In addition to the clinical and pathologic tumor characteristics already described, other factors that are evaluated before determining the most appropriate treatment include the patient's general medical condition and psychosocial factors, such as the ability to return for additional treatment, and whether the tumor is in a cosmetically sensitive location. Treatment cost is also a factor because there is a wide range in fees depending on the procedure and the site of service. A more detailed discussion of the cost analysis is provided in section “Cost Analysis.”

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Surgical Therapy

Surgical treatment of BCC provides the most effective treatment of BCC, based on an evidence-based review of the literature.82 Surgical techniques include Mohs surgery that offers intra-operative complete, circumferential, and deep margin analysis; excision with postoperative pathologic examination usually done with incomplete margin assessment (“standard surgical excision” [SSE]); and intra-operative frozen section margin sampling,83,84 which is frequently incomplete.85

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Mohs Surgery

Mohs surgery, also known as Mohs micrographic surgery, has the best long-term cure rate of any treatment modality for BCC. It is the treatment of choice for high-risk BCCs and recurrent BCCs because of its high cure rate and tissue-sparing benefit.59,61,64,86 The high cure rate is achieved because all of the tissue margins are examined, compared with standard vertical sectioning, in which less than 1% of the outer peripheral and deep margins are examined. Thin layers of tissue are taken only in the areas of positive tumor margins, minimizing the wound defect size and enabling a superior cosmetic outcome. In most cases, reconstruction of the defect after Mohs surgery can be performed the same day. In some circumstances, a delay may be required, for example, when a deep wound requires granulation to improve skin graft survival or contour, or when the assistance of a second reconstructive surgeon is necessary. Sometimes, there is a reconstructive delay after Mohs surgery so that paraffin-embedded sections may be examined for better visualization of tumors such as melanoma.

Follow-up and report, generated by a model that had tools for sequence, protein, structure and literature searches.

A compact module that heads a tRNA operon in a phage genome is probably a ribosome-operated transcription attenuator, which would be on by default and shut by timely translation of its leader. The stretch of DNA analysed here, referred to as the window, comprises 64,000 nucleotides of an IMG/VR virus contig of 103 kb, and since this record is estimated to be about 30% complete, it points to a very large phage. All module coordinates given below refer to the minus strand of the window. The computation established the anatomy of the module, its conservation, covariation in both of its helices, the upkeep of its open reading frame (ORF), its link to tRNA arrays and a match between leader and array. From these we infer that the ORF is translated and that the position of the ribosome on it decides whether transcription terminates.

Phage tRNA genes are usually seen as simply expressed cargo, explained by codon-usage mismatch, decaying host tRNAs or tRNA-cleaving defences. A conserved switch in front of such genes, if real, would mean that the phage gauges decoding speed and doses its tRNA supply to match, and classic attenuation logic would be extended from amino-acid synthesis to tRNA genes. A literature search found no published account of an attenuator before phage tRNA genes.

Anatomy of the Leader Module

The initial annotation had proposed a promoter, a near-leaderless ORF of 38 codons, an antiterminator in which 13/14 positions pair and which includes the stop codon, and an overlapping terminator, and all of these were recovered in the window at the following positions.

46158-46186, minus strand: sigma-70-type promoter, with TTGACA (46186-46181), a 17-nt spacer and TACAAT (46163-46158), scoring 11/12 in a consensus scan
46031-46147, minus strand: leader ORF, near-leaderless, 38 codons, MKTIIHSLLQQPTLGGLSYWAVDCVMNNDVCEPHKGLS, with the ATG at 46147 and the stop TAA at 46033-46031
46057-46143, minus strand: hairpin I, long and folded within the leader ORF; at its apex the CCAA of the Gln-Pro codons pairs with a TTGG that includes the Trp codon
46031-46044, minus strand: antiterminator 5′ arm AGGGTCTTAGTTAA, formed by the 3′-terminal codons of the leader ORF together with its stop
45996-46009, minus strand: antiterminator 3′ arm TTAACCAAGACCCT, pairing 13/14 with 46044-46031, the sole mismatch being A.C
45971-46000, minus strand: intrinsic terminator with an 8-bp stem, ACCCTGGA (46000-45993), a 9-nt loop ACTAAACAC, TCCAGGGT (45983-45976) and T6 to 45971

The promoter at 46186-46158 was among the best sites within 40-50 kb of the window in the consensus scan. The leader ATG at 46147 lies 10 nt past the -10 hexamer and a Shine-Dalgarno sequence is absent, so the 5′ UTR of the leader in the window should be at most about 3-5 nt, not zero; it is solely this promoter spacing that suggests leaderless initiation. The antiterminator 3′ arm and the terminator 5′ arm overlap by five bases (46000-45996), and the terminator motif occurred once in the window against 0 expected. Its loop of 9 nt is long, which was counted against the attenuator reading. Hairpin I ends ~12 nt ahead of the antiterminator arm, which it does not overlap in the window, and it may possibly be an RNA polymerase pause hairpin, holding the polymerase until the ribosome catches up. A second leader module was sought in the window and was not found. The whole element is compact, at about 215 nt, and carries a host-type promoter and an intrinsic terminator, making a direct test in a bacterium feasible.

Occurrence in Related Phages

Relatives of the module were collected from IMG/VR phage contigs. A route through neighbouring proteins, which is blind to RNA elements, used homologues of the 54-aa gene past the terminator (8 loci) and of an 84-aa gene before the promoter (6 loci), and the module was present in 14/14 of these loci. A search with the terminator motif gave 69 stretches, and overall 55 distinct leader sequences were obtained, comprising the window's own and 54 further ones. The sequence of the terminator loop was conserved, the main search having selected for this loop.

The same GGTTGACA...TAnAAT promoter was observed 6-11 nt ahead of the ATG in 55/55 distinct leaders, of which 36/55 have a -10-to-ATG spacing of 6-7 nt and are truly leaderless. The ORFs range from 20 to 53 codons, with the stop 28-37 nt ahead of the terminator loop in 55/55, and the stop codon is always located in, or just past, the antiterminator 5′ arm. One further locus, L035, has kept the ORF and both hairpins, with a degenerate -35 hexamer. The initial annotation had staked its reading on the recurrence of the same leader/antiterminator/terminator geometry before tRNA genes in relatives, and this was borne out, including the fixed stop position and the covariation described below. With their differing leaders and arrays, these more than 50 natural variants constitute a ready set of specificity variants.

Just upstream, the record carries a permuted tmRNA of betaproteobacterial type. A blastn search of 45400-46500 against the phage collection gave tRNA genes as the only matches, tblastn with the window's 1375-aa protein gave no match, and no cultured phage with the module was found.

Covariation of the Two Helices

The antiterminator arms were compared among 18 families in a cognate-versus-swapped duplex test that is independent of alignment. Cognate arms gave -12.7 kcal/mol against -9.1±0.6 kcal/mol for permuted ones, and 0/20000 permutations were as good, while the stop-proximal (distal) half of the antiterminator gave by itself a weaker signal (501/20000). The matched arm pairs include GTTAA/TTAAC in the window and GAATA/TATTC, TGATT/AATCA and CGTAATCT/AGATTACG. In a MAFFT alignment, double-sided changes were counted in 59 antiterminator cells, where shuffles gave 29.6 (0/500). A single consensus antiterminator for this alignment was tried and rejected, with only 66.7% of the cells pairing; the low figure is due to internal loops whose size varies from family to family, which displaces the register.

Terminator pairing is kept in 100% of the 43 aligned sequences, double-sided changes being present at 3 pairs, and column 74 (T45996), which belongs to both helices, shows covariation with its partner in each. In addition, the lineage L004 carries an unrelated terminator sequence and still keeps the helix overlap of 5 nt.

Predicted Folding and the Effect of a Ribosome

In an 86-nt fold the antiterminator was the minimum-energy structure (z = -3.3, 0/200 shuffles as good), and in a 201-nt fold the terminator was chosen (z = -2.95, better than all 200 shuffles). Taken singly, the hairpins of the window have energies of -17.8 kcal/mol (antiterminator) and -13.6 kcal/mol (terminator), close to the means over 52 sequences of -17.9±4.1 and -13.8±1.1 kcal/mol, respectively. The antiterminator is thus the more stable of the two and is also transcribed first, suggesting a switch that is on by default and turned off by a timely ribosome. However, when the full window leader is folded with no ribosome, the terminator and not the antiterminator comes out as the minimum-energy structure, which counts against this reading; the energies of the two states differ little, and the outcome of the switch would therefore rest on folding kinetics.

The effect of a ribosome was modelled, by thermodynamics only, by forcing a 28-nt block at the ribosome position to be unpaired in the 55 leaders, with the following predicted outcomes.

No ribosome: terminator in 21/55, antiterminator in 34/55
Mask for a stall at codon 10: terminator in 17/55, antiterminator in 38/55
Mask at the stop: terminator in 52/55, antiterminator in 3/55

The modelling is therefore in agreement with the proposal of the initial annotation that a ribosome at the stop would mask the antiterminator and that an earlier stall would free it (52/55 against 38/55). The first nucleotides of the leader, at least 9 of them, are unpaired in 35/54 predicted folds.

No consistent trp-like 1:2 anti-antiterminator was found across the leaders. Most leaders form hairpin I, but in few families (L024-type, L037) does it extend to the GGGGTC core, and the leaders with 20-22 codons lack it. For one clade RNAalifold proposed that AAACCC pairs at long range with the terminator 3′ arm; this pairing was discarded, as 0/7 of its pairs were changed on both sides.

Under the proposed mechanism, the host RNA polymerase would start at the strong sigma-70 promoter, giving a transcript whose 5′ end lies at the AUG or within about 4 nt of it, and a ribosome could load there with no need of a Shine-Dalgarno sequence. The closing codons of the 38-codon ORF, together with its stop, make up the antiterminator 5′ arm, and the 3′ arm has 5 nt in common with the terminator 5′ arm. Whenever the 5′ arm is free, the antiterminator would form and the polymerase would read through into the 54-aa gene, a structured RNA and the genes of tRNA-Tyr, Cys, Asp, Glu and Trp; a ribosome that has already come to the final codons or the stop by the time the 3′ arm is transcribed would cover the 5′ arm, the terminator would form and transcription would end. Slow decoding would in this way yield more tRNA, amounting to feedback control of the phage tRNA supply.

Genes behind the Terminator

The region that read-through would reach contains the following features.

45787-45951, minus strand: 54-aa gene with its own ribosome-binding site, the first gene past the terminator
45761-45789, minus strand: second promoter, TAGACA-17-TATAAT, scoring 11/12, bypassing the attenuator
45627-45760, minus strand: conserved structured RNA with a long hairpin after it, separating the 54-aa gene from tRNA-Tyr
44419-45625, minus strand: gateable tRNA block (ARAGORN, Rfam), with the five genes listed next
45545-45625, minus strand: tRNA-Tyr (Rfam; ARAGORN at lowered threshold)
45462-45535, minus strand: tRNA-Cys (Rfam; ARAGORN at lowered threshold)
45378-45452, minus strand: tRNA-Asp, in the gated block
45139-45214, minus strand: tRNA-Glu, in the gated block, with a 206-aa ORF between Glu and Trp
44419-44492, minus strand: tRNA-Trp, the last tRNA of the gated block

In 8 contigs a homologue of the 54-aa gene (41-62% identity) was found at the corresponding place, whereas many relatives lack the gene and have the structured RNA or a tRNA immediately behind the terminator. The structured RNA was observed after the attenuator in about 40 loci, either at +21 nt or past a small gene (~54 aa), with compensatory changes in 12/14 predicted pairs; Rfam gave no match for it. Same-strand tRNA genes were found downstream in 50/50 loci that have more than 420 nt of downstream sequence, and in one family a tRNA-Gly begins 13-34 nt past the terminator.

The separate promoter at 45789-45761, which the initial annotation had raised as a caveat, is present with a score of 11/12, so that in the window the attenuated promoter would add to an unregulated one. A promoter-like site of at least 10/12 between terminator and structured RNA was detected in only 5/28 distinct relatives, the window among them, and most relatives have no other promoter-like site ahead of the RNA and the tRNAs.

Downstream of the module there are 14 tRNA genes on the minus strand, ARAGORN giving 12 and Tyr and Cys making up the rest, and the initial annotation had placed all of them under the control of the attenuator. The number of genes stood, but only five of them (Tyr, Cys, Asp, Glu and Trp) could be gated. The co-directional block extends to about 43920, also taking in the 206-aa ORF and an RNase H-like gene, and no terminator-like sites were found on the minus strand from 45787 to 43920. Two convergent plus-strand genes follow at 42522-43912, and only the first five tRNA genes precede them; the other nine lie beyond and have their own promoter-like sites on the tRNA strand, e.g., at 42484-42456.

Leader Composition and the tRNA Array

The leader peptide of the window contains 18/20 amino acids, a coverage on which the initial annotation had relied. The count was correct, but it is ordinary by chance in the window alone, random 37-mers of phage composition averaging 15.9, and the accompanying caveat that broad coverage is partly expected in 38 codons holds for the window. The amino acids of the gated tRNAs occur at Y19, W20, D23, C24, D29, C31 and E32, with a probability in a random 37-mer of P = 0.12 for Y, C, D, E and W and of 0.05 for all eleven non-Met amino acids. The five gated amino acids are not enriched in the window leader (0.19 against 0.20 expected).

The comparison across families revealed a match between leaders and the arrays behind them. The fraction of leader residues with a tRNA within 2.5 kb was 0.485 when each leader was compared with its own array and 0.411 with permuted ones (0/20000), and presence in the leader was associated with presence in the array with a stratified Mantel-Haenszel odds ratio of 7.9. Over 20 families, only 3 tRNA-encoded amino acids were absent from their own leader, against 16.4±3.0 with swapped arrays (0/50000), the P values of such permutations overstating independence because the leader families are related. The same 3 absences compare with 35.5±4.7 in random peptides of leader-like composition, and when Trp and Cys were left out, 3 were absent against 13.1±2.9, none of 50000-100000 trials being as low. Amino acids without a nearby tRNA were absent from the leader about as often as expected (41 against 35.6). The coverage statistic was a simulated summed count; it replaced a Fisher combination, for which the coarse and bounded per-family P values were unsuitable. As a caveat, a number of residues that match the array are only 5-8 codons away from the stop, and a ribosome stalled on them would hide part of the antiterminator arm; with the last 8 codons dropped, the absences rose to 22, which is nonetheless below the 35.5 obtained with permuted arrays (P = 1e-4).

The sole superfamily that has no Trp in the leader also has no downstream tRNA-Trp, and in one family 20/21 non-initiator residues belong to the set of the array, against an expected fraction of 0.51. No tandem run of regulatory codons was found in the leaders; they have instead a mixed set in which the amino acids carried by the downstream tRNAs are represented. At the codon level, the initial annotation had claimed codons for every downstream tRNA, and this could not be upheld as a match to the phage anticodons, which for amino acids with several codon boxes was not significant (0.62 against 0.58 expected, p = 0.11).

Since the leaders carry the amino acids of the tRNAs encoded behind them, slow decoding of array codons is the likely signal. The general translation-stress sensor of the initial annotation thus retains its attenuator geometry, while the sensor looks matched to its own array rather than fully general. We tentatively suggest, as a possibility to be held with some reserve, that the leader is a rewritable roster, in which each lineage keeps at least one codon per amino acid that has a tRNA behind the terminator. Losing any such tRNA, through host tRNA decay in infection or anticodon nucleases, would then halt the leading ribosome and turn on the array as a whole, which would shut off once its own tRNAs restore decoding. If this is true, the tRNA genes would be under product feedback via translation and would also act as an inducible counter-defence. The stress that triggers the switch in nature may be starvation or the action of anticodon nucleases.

Because the most effective treatment for any BCC is Mohs surgery, it remains the best treatment option for tumors at high risk of recurrence after other treatment modalities. Basal cell carcinomas at high risk for recurrence include (1) primary BCC on high-risk anatomic sites, especially if ≥ 0.6 cm; (2) BCCs larger than 1 cm in diameter on intermediate-risk anatomic sites; (3) BCCs larger than 2 cm in diameter on the trunk and extremities; (4) BCCs with poorly defined borders; (5) BCCs with aggressive histologic patterns (e.g., infiltrative, morphea-like, micronodular, metatypical); (6) BCCs with perineural involvement; (7) BCCs in sites of previous radiation therapy; (8) BCCs in patients younger than 40 years; (9) BCCs in immunosuppressed patients; (10) BCCs in patients with BCNS or xeroderma pigmentosum; (11) recurrent BCC; (12) incompletely excised BCC; and (13) BCC in patients with a history of aggressively-behaving tumors Mohs surgery is also the optimal treatment when tumors are located in areas where maximal preservation of normal tissue is preferred or required.

The American Academy of Dermatology87 in conjunction with the American College of Mohs Surgery, the American Society for Dermatologic Surgery Association,87 and the American Society for Mohs Surgery recently adopted the first appropriate use criteria (AUC) for Mohs surgery. The AUC included an extensive analysis of the literature that met evidence-based criteria. After this review was completed, 72 case scenarios were created for BCC and voted on for the appropriateness of using Mohs surgery. Those physicians who ranked the case scenarios included not only dermatologists who perform Mohs surgery, but mostly dermatologists who do not perform Mohs surgery. Thus, the ultimate scoring was a blend of both published data and clinical experience. A summary of the AUC guidelines for the treatment of BCC is found in Table 3.



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Adverse Effects